“Thank you football God,” screamed the headline in Germany’s biggest paper, Bild, following Germany inflicting England’s worst World Cup finals defeat, 4-1 on Sunday, in their round-of-16 match. “After 44 years, the Wembley goal is finally balanced out. Now the English know how we have felt the whole time.”
Many German papers concentrated on the disallowed Frank Lampard strike, which replays showed had clearly crossed the line, claiming revenge for a similar incident in the 1966 World Cup Final, when West Germany felt similarly robbed.
“Sorry,” said Die Welt broadsheet in English. “Now we’re even.”
After Bild wrote its Saturday edition scrupulously avoiding anglicisms on the eve of the game, the papers allowed their English creativity to flow after the game.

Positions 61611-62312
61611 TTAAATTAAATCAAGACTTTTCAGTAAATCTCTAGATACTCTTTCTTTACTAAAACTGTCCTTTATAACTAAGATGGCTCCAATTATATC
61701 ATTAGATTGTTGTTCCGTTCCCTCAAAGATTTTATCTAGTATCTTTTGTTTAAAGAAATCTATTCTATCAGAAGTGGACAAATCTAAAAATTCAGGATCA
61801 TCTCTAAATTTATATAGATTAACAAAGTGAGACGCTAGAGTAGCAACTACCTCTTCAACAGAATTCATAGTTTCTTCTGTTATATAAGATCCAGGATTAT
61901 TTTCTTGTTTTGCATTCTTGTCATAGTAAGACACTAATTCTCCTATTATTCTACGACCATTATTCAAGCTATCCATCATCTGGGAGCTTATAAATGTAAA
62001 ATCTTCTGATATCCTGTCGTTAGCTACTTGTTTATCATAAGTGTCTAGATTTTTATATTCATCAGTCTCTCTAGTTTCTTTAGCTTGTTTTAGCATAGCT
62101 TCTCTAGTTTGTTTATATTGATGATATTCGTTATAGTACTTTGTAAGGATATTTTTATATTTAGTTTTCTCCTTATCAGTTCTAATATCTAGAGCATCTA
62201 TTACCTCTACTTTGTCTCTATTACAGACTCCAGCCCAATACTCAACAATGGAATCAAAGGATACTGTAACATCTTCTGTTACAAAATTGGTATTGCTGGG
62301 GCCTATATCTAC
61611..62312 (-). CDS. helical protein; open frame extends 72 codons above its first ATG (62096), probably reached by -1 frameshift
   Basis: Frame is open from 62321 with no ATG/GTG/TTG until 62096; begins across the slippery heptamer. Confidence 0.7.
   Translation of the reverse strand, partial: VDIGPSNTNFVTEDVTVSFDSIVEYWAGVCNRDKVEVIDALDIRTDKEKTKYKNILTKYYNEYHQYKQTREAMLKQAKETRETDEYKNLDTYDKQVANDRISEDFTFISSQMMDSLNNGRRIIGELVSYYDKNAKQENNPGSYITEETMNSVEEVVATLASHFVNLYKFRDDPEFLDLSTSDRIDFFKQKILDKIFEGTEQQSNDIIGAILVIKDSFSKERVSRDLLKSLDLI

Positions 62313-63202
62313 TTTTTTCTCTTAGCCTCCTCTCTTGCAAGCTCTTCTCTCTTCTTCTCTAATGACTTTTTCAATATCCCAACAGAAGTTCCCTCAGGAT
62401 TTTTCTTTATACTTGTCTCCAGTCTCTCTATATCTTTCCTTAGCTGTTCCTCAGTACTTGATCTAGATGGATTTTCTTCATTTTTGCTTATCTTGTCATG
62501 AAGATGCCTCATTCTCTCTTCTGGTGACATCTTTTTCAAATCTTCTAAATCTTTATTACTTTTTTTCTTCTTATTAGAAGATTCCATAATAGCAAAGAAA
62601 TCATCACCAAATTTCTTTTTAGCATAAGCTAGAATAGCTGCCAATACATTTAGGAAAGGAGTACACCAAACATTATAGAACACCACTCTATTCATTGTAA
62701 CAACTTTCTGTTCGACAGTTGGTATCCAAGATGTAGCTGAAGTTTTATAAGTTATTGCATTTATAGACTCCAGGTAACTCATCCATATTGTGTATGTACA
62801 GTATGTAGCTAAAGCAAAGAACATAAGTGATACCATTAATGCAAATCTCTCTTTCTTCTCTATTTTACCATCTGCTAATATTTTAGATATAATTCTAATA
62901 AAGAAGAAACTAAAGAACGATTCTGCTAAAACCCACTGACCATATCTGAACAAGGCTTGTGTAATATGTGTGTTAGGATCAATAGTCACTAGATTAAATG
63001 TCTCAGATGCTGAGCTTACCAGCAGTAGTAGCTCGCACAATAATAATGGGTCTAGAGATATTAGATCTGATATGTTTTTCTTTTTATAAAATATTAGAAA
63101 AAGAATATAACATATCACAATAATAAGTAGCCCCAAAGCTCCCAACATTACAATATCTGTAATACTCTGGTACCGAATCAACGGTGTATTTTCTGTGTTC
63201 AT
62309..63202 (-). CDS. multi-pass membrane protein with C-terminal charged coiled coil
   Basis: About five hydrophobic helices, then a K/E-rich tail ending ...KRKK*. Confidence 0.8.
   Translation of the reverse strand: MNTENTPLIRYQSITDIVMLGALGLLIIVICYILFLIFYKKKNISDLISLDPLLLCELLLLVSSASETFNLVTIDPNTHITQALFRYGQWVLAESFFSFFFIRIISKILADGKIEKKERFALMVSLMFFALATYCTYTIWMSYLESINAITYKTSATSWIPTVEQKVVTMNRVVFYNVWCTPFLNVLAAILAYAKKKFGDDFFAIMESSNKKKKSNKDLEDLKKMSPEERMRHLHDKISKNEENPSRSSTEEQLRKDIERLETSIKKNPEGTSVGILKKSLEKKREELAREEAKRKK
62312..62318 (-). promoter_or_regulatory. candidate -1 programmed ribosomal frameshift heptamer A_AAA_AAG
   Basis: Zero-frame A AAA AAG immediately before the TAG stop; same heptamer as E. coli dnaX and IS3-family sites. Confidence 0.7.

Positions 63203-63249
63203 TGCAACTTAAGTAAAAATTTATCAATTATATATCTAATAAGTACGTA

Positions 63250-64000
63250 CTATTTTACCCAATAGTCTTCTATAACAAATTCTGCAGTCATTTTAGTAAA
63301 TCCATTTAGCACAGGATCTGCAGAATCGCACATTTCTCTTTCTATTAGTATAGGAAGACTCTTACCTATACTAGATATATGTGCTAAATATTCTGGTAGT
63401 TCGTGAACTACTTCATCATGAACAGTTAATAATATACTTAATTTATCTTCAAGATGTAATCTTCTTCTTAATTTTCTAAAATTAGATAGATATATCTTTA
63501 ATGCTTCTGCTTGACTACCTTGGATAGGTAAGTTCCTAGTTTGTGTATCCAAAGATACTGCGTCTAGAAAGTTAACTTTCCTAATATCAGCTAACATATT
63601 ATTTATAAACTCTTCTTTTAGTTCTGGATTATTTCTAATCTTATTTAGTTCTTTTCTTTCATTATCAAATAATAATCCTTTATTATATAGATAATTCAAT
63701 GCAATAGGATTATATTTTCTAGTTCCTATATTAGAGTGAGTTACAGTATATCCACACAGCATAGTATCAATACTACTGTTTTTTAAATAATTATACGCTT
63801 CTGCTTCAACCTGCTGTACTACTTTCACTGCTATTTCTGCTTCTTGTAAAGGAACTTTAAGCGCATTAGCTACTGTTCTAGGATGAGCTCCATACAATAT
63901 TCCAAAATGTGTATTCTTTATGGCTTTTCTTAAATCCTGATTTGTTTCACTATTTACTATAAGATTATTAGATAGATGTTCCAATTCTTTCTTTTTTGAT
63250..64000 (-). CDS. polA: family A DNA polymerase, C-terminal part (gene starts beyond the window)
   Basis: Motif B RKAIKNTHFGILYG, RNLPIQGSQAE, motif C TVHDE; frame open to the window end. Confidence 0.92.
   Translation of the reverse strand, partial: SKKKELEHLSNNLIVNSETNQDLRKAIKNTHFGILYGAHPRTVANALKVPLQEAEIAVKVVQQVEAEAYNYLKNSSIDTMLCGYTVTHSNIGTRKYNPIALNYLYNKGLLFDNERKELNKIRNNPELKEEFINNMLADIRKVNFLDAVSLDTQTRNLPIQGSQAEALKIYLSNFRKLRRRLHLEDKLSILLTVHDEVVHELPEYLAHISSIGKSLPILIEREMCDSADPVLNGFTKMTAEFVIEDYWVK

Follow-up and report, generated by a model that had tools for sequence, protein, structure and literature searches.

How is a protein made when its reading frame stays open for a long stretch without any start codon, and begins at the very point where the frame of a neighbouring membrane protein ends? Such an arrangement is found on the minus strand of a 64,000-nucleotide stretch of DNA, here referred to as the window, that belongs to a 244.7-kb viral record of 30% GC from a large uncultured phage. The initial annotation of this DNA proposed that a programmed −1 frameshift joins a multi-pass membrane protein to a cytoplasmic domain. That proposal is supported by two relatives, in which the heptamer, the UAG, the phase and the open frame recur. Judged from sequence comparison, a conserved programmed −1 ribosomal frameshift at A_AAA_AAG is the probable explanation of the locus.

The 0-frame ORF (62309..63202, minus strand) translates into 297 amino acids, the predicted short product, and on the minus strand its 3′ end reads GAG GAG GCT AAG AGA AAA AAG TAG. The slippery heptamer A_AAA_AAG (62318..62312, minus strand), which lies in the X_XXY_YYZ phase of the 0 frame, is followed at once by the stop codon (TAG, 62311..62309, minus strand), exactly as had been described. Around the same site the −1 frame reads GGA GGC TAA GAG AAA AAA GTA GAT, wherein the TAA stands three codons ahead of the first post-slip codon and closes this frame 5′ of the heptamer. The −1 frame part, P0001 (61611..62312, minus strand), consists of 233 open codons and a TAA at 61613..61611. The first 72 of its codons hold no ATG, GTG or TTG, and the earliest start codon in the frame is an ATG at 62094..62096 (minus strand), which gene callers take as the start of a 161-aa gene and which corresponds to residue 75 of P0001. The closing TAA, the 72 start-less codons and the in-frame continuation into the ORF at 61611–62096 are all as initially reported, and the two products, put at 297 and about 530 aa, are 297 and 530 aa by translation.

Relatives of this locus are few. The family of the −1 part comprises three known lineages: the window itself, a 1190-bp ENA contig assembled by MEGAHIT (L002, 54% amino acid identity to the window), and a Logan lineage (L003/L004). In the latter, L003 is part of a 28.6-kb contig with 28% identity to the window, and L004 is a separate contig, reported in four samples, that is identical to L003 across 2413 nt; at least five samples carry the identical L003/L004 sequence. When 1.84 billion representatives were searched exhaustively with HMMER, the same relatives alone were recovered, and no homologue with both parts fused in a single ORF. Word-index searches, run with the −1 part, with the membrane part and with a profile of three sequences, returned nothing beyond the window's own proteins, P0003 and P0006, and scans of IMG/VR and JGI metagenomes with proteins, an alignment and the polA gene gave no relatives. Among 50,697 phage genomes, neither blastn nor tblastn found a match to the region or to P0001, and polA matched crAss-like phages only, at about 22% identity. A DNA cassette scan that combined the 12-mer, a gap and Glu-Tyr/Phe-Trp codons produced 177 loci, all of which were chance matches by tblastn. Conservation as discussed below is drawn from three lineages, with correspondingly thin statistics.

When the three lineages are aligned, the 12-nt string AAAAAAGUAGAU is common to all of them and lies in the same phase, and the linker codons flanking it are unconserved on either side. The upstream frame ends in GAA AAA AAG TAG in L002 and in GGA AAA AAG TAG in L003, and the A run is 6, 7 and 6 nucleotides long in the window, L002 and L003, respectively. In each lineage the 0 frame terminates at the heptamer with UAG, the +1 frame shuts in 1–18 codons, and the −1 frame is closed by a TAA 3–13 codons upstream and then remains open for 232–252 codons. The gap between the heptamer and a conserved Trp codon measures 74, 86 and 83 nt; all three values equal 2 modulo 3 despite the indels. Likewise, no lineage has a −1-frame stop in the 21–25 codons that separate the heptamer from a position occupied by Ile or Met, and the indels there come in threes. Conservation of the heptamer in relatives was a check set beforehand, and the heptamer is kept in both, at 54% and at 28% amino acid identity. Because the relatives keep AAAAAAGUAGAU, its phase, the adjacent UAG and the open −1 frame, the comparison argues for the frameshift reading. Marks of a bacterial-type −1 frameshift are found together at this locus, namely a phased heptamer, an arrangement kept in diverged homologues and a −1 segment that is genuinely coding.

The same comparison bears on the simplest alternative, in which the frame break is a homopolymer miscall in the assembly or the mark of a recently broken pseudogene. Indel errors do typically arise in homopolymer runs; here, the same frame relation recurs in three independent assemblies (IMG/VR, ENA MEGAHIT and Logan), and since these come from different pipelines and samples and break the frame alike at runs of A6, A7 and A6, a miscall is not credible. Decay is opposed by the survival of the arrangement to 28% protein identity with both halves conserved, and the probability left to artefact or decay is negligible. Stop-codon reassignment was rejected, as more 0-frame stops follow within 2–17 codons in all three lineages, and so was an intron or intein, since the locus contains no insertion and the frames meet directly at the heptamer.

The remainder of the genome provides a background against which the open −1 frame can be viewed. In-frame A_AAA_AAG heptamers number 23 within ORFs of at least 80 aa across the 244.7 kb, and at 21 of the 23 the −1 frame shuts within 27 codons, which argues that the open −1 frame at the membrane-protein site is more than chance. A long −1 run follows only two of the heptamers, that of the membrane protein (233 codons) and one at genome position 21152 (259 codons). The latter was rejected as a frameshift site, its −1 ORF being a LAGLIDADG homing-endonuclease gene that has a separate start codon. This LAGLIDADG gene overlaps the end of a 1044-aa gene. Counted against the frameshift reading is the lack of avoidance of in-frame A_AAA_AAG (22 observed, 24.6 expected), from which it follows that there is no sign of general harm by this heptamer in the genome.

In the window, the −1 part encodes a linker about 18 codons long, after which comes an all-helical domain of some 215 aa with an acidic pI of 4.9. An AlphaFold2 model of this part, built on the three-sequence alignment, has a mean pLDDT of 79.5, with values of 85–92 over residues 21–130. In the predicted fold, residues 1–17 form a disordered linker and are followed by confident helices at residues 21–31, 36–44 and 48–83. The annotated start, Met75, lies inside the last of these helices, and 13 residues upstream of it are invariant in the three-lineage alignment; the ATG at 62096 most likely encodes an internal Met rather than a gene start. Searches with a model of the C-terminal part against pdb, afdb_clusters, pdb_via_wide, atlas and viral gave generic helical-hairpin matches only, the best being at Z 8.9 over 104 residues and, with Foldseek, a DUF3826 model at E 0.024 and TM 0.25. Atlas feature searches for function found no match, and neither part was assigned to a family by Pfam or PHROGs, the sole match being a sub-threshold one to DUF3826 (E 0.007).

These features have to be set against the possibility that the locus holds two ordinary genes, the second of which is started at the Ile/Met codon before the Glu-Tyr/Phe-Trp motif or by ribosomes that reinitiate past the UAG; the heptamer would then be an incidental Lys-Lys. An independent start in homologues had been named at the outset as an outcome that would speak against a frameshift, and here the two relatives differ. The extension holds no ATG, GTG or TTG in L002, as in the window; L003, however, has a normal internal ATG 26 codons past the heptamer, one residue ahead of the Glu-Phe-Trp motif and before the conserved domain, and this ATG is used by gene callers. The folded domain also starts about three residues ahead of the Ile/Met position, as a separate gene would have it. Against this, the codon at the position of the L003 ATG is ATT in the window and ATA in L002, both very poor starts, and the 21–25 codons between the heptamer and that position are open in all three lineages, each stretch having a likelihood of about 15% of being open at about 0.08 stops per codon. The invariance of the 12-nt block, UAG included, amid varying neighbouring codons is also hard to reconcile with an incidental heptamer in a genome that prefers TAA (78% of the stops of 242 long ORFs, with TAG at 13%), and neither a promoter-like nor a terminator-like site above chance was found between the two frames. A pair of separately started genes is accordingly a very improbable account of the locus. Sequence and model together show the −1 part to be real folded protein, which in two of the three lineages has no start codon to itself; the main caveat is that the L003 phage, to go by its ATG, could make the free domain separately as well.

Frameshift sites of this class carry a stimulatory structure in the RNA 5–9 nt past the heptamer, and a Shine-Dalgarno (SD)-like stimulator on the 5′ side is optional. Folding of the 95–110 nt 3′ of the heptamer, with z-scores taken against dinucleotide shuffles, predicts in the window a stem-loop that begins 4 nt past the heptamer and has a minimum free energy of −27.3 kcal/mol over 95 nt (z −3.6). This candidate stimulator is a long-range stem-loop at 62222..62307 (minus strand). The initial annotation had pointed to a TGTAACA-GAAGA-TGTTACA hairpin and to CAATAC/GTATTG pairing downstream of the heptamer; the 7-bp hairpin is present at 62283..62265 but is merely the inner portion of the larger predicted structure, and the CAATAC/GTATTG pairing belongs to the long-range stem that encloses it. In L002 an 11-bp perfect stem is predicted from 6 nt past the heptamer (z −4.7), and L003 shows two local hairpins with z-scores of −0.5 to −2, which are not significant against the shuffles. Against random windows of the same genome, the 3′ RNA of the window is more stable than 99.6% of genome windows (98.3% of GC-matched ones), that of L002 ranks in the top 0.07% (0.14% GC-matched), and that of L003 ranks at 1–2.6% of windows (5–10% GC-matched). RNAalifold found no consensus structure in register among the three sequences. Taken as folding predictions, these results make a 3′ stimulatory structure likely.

“Thank you Fussball-Gott [football God],” wrote Bild on a page with huge photos of the 1966 and 2010 incidents and on the front page: “Jungs [lads], we love you.”
“YES!” exclaimed the Berliner Kurier. “That was the revenge for Wembley. Forty-four years after the final in London, this time it is England crying over a bad refereeing decision.”
The Sueddeutsche Zeitung mocked the “old enemy” with a simple “Sorry England,” whereas Die Welt’s headline ran “Einfach [simply] wonderful.”
The Neues Deutschland was at least somewhat more balanced in its headline of “Germany advances to the quarter-finals against Argentina with good passing football — and a little bit of luck.”
Bild offered an olive branch to English fans who have sworn for 44 years that Geoff Hurst’s goal in 1966 did in fact cross the line by conceding that it was indeed a good decision by the officials after all.
“We admit without doubt that it was definitely a goal. You were robbed, but please, will you now admit as well: the goal at Wembley was NOT a goal. Dear England, let’s bury the hatchet and look forward to massive duels between our two teams in the future,” Bild wrote.